I had the pleasure of attending the ePortolio Scotland conference, run by JISC Regional Support Centre for Scotland North and East on the 10th September. It was nice to be back in my home town again but I went mainly to catch up with new developments in the eportfolio and PDP field. They have posted the available resources on their website.
It was well attended and they had a good range of speakers and workshops, as well as a wee TeachMeet-style lunch session. Here are a few of the highlights:
Margaret Faulkner from the Uni of South Australia presented on their experience of implementing ePortfolios across a wide range of subjects. The thing that struck me most about her talk was that they had obviously considered issues to do with multiple personal identities in relation to the learner-owned nature of ePortfolios. I’m mis quoting but, as ePortfolios need to reflect the lifelong, lifewide nature of learning their use needs to acknowledge the different aspects of someone’s identity as an individual, a learner, a professional, a citizen etc. She also talked about the difficulties in helping users adapt to ePortfolios. She said that time needs to be allowed for learners to develop an understanding of the concept of ePortfolios and to develop their own reflective skills. “How to” guides were effective to a point but she reported success in augmenting that with student peer-to-peer training as well.
Simon Grant from JISC CETIS presented on the work around the Leap2A portability standard. He spent quite a lot of time asking the audience questions about the nature of their ePortfolio use and the systems they were employing. I was intrigued that Mahara was used by the most institutions represented – I would have thought PebblePad but it looks like open source is winning lots of friends. My main take-home point from Simon was the need to think about future uses of the information in ePortfolios when implementing. Portability standards are one thing but how far will they allow users the carry with them the content that usefully represents their learning in contexts that are not easy to predict.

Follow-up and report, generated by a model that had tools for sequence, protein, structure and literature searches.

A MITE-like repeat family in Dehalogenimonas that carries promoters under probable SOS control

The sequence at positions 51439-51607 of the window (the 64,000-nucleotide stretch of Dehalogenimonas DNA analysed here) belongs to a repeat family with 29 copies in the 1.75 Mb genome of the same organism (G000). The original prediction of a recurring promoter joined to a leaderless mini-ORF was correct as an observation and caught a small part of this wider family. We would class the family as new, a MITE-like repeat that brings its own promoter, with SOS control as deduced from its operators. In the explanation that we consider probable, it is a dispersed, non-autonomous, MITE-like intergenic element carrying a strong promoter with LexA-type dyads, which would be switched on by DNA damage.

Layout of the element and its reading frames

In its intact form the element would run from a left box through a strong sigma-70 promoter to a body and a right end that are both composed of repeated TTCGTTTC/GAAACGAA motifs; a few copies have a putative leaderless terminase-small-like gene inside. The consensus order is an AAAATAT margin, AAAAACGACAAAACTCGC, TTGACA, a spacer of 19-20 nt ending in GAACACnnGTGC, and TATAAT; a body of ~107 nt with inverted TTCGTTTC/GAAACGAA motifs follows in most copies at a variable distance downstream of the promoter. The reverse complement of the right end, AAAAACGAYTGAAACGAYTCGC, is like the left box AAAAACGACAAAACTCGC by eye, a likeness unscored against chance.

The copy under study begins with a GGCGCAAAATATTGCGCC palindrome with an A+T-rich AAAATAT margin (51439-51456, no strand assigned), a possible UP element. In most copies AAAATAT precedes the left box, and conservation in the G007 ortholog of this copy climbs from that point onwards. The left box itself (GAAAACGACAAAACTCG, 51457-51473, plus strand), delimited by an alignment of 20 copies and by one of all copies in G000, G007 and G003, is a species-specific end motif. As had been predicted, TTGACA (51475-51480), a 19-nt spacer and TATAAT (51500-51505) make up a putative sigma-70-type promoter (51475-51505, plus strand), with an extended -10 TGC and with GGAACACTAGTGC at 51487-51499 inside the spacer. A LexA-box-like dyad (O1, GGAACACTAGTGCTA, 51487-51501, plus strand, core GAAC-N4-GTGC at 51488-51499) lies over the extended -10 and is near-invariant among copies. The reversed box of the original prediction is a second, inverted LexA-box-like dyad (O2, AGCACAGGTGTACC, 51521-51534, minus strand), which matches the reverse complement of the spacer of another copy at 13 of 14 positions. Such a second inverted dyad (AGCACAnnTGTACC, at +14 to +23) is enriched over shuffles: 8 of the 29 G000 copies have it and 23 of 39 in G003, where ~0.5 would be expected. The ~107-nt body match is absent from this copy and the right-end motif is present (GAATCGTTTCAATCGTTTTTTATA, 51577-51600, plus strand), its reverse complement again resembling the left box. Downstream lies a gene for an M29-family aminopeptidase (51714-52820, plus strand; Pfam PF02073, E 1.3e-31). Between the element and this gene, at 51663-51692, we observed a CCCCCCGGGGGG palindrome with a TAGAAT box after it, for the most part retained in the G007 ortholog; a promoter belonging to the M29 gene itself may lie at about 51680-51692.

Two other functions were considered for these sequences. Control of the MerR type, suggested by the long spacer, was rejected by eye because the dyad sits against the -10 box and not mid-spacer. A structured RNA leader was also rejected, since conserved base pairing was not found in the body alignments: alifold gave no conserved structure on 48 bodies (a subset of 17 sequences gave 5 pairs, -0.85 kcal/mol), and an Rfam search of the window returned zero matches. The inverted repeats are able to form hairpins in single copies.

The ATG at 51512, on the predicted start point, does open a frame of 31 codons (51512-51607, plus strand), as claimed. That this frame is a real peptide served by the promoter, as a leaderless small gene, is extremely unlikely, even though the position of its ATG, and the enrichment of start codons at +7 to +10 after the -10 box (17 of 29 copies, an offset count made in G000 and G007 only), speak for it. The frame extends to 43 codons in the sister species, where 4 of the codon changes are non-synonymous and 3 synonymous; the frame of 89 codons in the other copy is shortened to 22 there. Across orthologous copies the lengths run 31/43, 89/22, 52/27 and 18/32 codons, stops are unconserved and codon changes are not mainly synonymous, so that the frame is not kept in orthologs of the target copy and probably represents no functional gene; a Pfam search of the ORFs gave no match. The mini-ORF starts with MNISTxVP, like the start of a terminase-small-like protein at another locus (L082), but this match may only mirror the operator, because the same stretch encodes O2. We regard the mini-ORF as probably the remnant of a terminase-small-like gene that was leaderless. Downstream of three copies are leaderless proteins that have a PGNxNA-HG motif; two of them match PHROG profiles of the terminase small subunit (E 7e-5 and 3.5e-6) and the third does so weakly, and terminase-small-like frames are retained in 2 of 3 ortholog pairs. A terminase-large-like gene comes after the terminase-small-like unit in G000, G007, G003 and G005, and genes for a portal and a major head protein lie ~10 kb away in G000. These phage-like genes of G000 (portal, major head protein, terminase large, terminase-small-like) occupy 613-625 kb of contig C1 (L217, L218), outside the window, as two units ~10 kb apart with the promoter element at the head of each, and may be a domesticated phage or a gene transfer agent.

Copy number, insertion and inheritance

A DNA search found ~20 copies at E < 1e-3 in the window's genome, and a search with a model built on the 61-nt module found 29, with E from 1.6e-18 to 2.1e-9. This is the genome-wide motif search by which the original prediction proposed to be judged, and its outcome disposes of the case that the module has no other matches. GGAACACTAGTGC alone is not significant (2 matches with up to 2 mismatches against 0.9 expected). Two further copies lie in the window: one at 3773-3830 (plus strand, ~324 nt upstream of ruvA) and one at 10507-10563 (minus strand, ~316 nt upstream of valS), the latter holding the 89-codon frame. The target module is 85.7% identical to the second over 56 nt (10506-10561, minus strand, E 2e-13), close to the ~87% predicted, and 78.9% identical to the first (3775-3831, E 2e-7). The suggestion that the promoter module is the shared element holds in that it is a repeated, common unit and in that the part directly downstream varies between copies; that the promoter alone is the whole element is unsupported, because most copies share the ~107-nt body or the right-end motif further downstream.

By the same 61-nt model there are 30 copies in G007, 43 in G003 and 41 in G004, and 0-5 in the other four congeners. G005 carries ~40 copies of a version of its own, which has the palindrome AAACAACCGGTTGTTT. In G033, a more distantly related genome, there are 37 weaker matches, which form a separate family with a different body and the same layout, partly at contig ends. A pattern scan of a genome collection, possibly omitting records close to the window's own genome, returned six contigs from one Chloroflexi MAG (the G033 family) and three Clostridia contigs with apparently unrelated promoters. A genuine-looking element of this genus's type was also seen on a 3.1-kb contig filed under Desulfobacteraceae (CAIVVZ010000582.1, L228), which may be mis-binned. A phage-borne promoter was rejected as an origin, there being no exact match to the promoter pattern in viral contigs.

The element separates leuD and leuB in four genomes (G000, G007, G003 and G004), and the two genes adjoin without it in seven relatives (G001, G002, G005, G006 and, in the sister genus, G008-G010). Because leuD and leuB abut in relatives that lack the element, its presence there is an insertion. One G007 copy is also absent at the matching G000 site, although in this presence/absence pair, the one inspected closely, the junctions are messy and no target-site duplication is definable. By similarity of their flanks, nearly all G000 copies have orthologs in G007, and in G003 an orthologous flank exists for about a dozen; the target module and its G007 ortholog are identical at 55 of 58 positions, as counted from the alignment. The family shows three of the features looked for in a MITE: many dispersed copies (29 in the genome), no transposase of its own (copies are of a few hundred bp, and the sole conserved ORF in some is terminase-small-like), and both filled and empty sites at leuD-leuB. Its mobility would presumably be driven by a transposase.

Derrin Kent from consultants TDM gave us a breathless, infectious showcase of the strengths of recently released Mahara 1.3. There was quite a bit of buzz amongst the tweeters about the tools for collaborative working. He also quoted a 9year old’s view of ePortfolios that I think I might stick to the wall next to my desk:
“ePorfolios are there to show us how much we’ve grown.”
Linda Steedman from eCom Scotland demo’d their SkillsLocker product. It’s principally for use as a way of documenting accreditation of skills and learning in the workplace but I was struck by how much it differed from the model of ePortfolios in education. Ownership of the portfolios seemed to rest much more with the institution than the learner/employee and that the business’ hierarchy determined much of its structure. To me it seemed a much more restrictive environment than other implementations I’ve seen; I guess it’s just more functional, recording CPD activity and compliance to standards like health and safety certification and focussing less on personal reflection.
Gordon Joyes from Nottingham Uni closed the event with a keynote on JISC’s work with ePortfolios and a reflection on the “threshold concepts” surrounding ePortfolios; how certain misperceptions of the technology in a number of areas need to be overcome before an institution can grapple with their use effectively.
Other honourable mentions:
Robert Chmielewski from Edinburgh Uni presented on the mammoth task of implementing PebblePad there. I’d quite like to get his input at future Netskills ePortolio workshops.
Carol Walker (@weedog) delivered a great workshop on capturing video evidence for use in eportfolios using free tools like Windows Live MovieMaker and Photostory3. Somehow managed to make it all seem really simple while still explaining some of the complexities of codecs and video file formats!
Elaine Mowat for her 5 minute TeachMeet on using drawing to help reflection. Reminded me a bit of Sacha Chua’s approach to drawing.
Kenji Lamb – for boundless enthusiasm.
Martin Hawksey for his AV work and uncannily demonstrating what could happen if you splice the DNA of John Cusack and David Tennant.
Thanks to the staff at RSC Scotland NE for organising this event.